Editorial Feature

Using Optical Microscopy for Petrographic Analysis

Article updated on 17/03/2020

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Petrography is focused on the composition and properties of rocks, which can be classified depending on their mineral content and textural relationships. These properties can be studied using optical microscopy techniques.

Rocks contain a range of mineral species and fine structures which when studied enable scientists to visualize their micro-texture and assembly; this is critical to understanding the origin of the rock. Petrographic analysis can provide information on ore concentrates, mineral prospects, mine waste, and man-made materials; it can also clarify the mineral phases present, modal abundance, textural controls, and the estimated bearing of key elements.

Petrographic Microscope

A petrographic microscope is a type of optical microscope used to identify rocks and minerals in thin sections. Optical microscopy techniques are primarily analytical and descriptive and can be employed for all rock types – igneous, metamorphic and sedimentary – as well as consolidated materials such as glacial deposits, and anthropogenic materials like cement and mine wastes. It’s also beneficial for studying mineral deposits from ore minerals and hydrothermal mineral changes.

Petrographic microscopes, also known as polarizing microscopes, are derived from conventional brightfield microscopes. They have a circular stage, polarizer, and an analyzer, which determine the direction and the amount of light that will illuminate the sample. The polarizer focuses different wavelengths of light onto a single plane.

It may use transmitted light only or both transmitted and reflected light and is utilized in geology for detailed examinations of rock samples mounted on a thin section slide to enable mineral identification, textural analysis, fracture and fault rock study and modal analysis, and porosity characteristics.

A simple polarizing microscope can be made with optical items that don’t add undesirable polarizing effects because of strained glass, or polarization by reflection in prisms and mirrors. They can be fabricated by adding inexpensive polarizing filters to a standard biological microscope, often with one in a filter under the condenser, and a second beneath the head or eyepiece.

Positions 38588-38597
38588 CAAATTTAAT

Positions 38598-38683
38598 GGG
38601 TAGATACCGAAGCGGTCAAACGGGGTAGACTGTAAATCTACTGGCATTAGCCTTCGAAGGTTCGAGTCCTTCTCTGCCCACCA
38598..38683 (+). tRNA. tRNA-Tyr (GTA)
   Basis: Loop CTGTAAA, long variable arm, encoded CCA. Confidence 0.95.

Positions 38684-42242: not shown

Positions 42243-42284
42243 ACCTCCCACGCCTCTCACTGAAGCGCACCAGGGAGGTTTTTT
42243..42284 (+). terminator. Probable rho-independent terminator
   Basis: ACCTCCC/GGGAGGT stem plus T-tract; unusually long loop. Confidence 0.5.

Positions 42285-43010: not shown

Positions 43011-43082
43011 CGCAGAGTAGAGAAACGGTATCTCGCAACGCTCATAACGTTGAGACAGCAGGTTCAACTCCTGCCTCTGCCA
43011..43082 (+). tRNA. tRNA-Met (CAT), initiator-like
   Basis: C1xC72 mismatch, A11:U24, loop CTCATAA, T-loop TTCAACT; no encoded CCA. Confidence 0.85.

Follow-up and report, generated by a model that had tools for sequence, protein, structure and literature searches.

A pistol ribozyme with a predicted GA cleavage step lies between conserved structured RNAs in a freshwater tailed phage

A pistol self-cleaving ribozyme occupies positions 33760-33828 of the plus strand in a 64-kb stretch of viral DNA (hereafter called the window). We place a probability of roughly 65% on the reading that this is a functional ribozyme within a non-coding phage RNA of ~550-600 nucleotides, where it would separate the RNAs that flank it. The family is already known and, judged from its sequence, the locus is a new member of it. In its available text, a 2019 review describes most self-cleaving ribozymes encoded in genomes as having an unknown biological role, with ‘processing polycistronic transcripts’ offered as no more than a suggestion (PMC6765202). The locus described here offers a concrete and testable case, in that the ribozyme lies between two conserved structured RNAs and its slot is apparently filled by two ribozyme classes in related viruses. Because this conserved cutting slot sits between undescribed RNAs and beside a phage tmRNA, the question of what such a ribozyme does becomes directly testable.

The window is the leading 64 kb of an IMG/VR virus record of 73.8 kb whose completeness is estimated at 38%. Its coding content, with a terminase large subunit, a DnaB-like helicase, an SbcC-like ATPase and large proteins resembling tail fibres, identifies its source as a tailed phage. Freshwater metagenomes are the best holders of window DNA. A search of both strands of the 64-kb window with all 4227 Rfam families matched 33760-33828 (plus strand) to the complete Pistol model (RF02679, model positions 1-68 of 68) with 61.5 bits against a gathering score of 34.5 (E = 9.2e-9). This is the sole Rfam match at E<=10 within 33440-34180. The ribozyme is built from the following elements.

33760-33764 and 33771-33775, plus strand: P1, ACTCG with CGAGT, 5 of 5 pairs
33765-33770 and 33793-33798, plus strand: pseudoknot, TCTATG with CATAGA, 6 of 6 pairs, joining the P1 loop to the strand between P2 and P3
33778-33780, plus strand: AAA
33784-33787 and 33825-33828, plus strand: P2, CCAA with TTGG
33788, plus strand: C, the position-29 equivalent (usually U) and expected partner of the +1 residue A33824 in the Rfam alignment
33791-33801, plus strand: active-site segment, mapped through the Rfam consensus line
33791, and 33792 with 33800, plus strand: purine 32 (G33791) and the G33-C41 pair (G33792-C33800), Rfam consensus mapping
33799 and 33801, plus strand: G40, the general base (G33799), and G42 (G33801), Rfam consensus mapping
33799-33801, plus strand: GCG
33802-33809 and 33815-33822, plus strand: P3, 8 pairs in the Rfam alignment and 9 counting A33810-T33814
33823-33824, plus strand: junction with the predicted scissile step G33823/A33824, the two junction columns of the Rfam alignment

Petrographic analysis is an important tool to study the mineralogical and chemical composition of rocks, as well as stones on monuments. It’s also used to monitor chemical weather evolution, the result of the acid dissolution of carbonate materials and surface stone surfaces from industrial pollution.

Prospective ores can be sampled using petrographic analysis, as well as possible mine waste; to determine the suitability of aggregates, stone, and slate; regulate the current material conditions of concretes, render and mortar, and analyze smelter slags to determine metal recovery prospects.

The British Geological Survey has used petrographic analysis to study:

  • Fluid-water interaction and characterization of lithographies and engineered barrier materials proposed for radioactive waste disposal and carbon dioxide capture/storage.
  • Natural analog studies for radioactive waste management and carbon-storing.
  • Contaminated land and mine waste materials.
  • Building stones characterization and research.

Petrography is an indispensable tool for ceramic fabric analysis, specifically the analysis of the mineralogical and textural composition of ceramic objects, including clay-based archaeological and historical materials. Petrographic analysis can identify different raw materials used to make ceramic objects, ranging from clays and other materials to rock fragments and organic and inorganic temper. This enables the reconstruction of historical items and helps historians gain knowledge about the society and techniques of the time.

Scanning electron microscopy is becoming routinely employed in geological research because of its greater analytical capability. It is similar to optical microscopy, but has a higher resolution and can reveal a greater textural relationship between mineral grains. It can also provide data on the morphology and chemistry of individual grains.


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Kerry Taylor-Smith

Written by

Kerry Taylor-Smith

Kerry has been a freelance writer, editor, and proofreader since 2016, specializing in science and health-related subjects. She has a degree in Natural Sciences at the University of Bath and is based in the UK.


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